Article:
The Atlantic Cup, now in its fourth year, is the only specific Class 40 event in the US. In addition, it boasts some pretty impressive green credentials: it is a carbon-neutral regatta with a big emphasis placed on both sailing in an environmentally conscious way and educating kids about the importance of looking after the oceans.

I have started this race twice. My first attempt back in 2012 sadly lasted all of 5 minutes before the rig fell over the side in Charleston Harbour just after the start. If you are ever considering where might be a good place to drop your rig, I can thoroughly recommend good old "Chuck Town" SC, which might even hold the record for least time from bang to beer!

Thankfully my second attempt in 2013 was significantly more successful and a very enjoyable race.

The Atlantic Cup is run in three stages. First the boats sail doublehanded from Charleston to New York, which is usually about a three and a half day leg. After a brief break (and a lot of beer to refresh), the same doublehanded teams sprint 200-plus miles from New York to Newport RI. Their Class 40s are then stripped out from offshore mode to inshore mode, and full teams are allowed on for a two day inshore series.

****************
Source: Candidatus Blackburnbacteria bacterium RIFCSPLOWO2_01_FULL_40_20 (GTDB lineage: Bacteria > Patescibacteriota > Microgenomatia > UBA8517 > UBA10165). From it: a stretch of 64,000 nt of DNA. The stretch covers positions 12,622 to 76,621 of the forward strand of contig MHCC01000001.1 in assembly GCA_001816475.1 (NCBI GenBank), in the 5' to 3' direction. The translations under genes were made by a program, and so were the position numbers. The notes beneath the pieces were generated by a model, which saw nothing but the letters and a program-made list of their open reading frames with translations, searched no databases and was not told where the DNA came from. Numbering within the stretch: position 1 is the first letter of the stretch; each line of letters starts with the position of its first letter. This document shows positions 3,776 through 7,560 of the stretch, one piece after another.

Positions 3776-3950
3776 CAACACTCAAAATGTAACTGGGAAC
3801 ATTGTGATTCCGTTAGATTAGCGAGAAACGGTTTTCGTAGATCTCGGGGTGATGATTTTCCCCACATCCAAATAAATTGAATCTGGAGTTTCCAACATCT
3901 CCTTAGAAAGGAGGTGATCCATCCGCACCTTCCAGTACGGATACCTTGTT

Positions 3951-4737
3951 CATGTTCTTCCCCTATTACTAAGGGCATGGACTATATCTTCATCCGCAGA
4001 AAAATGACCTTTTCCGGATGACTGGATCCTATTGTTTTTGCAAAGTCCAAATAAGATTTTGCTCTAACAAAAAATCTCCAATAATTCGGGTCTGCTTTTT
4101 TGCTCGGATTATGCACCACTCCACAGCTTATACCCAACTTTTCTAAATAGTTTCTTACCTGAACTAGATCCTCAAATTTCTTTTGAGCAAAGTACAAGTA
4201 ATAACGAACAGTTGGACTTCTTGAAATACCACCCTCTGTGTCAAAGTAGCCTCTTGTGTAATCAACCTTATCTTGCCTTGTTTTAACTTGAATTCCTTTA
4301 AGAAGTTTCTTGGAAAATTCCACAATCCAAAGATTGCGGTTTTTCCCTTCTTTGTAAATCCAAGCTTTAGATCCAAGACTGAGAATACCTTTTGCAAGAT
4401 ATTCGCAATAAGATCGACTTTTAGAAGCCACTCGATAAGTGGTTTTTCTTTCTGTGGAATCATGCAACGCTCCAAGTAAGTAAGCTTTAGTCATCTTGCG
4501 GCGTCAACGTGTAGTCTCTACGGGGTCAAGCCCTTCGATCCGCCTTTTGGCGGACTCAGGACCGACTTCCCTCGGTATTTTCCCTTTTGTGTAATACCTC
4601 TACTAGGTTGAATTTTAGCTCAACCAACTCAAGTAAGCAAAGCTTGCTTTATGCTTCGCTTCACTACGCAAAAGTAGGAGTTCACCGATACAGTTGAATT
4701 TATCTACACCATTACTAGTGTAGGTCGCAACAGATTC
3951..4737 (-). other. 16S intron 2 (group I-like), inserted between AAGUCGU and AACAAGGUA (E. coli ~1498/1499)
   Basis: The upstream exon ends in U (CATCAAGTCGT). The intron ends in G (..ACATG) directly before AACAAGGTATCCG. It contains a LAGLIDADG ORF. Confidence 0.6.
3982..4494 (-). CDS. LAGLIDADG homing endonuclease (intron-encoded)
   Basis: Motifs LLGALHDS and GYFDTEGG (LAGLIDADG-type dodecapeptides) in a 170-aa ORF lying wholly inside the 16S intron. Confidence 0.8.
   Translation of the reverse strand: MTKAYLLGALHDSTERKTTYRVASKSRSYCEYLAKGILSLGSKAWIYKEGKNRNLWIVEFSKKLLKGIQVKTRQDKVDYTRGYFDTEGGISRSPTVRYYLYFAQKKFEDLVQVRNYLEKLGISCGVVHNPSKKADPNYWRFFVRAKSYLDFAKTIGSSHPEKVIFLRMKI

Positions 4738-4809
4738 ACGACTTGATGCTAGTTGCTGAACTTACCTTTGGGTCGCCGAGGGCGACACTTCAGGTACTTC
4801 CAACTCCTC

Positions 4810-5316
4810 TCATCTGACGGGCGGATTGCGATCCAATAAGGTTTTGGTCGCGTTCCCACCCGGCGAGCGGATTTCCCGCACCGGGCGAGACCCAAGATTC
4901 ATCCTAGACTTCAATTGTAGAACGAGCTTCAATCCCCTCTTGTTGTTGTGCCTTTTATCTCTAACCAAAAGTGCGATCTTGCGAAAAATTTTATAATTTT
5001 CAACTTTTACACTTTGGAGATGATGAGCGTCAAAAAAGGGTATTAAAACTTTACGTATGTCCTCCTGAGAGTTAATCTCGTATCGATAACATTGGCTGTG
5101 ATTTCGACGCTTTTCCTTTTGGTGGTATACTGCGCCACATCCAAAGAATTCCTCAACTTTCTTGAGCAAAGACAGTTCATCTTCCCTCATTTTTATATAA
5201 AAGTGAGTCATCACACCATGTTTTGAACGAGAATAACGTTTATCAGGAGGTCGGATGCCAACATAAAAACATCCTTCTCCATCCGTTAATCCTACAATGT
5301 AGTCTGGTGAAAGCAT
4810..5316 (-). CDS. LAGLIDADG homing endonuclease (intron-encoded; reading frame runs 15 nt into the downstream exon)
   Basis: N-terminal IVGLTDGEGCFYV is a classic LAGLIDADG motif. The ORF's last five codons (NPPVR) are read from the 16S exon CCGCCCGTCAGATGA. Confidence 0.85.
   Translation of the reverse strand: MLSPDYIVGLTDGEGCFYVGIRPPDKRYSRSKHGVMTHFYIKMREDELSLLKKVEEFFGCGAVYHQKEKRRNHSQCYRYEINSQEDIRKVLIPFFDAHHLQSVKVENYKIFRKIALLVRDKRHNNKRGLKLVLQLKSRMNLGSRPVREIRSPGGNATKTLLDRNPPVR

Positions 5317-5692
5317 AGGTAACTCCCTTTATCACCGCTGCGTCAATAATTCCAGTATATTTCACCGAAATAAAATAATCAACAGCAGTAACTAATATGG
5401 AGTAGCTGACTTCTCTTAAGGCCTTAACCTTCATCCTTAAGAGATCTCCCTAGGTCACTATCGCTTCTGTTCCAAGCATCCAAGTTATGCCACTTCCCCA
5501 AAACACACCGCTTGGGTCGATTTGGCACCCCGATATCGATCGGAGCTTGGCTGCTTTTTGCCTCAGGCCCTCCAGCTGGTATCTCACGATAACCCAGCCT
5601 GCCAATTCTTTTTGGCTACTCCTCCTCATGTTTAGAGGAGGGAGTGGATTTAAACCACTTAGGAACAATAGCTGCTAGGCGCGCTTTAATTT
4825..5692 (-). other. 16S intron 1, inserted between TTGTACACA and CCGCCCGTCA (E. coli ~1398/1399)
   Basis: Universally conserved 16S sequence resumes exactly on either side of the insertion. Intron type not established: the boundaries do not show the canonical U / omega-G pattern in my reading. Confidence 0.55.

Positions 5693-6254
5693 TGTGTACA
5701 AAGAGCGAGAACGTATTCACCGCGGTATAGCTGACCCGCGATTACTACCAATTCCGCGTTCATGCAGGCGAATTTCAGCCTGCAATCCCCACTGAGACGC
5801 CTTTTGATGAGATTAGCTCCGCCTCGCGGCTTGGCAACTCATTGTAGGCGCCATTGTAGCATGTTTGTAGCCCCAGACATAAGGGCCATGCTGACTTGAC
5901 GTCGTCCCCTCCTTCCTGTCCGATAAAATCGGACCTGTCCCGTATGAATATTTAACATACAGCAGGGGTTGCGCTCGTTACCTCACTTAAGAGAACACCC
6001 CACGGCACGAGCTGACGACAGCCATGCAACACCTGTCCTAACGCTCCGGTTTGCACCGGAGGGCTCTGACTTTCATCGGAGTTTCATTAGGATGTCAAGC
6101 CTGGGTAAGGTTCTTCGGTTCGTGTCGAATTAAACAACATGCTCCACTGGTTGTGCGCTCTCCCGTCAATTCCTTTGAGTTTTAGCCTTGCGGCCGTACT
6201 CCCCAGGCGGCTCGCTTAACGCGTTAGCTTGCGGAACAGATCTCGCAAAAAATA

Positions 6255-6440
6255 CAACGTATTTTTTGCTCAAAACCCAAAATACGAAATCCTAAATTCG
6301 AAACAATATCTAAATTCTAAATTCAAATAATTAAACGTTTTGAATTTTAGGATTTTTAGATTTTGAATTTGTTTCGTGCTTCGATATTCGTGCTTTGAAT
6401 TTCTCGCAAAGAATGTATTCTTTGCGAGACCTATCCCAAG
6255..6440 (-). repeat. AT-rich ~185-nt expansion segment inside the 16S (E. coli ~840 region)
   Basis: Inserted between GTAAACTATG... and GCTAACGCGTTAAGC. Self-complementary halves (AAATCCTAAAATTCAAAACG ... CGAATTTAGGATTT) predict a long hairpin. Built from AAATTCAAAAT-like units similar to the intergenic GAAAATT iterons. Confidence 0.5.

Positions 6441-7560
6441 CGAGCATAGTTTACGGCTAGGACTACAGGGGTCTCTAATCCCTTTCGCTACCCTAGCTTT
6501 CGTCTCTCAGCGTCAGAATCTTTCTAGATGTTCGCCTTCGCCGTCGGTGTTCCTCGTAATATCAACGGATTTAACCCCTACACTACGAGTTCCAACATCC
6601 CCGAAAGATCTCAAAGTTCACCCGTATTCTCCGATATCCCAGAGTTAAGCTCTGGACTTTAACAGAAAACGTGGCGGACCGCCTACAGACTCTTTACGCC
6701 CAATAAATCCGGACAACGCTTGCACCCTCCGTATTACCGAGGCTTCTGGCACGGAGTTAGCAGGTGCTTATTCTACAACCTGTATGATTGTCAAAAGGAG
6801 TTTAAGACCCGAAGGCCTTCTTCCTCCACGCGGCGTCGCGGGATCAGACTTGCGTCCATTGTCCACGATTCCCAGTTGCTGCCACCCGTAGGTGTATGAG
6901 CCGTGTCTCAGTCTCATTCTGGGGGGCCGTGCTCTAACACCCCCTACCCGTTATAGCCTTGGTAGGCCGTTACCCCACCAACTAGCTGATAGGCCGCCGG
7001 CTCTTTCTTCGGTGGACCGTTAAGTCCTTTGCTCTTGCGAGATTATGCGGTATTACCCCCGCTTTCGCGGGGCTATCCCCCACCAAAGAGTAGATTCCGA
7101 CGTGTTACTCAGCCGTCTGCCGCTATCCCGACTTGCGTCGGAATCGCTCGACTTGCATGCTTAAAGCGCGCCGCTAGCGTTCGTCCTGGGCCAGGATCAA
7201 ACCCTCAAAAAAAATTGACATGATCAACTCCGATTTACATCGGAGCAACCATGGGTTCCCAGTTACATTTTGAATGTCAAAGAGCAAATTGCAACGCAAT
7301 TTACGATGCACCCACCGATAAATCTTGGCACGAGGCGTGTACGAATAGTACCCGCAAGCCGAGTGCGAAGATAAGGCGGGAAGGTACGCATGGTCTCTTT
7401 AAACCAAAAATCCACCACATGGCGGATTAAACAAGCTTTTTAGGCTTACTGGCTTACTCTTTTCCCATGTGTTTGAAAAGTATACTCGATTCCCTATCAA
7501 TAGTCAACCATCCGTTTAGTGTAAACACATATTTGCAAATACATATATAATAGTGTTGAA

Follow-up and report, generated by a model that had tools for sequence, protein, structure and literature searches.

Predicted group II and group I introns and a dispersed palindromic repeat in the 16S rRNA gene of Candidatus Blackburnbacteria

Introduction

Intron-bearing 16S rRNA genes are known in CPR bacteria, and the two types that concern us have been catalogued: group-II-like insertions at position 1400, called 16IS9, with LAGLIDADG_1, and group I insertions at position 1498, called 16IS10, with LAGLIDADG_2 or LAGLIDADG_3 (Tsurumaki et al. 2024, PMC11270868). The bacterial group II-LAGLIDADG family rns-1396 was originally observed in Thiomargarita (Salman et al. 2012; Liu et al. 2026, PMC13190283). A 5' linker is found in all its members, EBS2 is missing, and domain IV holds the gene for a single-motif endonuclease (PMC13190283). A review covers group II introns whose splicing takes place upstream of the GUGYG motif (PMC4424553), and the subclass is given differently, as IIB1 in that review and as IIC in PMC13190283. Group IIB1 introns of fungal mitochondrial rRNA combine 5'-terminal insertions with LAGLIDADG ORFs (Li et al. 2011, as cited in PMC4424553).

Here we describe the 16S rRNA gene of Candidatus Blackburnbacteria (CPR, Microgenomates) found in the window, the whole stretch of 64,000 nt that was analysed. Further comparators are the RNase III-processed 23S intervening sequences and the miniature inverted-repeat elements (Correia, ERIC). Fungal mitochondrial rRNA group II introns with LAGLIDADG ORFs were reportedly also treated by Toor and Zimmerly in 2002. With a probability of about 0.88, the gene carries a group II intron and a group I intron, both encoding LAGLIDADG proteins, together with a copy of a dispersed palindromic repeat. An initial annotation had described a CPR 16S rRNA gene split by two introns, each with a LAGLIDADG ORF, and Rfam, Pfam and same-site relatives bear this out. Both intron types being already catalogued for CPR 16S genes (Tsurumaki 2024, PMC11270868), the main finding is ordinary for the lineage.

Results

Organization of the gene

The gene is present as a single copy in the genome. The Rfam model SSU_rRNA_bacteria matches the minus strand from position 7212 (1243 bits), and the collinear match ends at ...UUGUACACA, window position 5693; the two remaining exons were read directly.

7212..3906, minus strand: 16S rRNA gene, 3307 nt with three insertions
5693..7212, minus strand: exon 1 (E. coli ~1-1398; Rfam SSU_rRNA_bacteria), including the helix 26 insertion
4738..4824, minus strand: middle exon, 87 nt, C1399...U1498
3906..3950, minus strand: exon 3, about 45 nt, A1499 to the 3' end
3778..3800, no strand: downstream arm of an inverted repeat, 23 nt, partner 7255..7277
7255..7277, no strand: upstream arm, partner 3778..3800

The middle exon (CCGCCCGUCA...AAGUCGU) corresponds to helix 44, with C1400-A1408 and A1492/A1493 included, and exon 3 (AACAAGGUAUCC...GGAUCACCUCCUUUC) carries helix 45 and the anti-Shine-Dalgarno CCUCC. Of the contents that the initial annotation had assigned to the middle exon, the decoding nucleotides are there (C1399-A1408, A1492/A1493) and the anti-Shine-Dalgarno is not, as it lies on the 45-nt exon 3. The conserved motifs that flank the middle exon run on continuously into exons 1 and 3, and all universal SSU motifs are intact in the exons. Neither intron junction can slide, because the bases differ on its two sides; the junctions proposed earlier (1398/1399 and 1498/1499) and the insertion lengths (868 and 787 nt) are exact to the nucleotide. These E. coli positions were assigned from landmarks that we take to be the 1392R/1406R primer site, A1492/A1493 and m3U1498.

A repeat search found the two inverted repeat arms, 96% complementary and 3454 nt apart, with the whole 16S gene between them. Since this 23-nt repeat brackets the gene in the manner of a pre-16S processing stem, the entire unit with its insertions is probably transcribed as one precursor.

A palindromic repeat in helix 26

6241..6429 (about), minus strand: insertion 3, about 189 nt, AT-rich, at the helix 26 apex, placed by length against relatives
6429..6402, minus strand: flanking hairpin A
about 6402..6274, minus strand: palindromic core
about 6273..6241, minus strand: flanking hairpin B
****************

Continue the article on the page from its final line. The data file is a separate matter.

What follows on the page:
Atlantic Cup sailors and mascot

Dragon's Rob Windsor and Gryphon Solo's Pat O'Connor talk some smack about the lucky gryphon that showed up—prophetic words, sadly.

Anyone who follows the sailing media will know that Dragon sadly hit the rocks pretty hard during the first day of racing. Just hours before the incident I got the chance to catch up with Dragon's Rob Windsor and Pat O'Connor, who was sailing aboard the eventual winner Gryphon Solo. Their chat about sailing quickly descends into talking smack and nonsense about mascots. Way too much time alone at sea I think! See if you agree.

Standing by in Newport for my next Nautical Nomad adventure...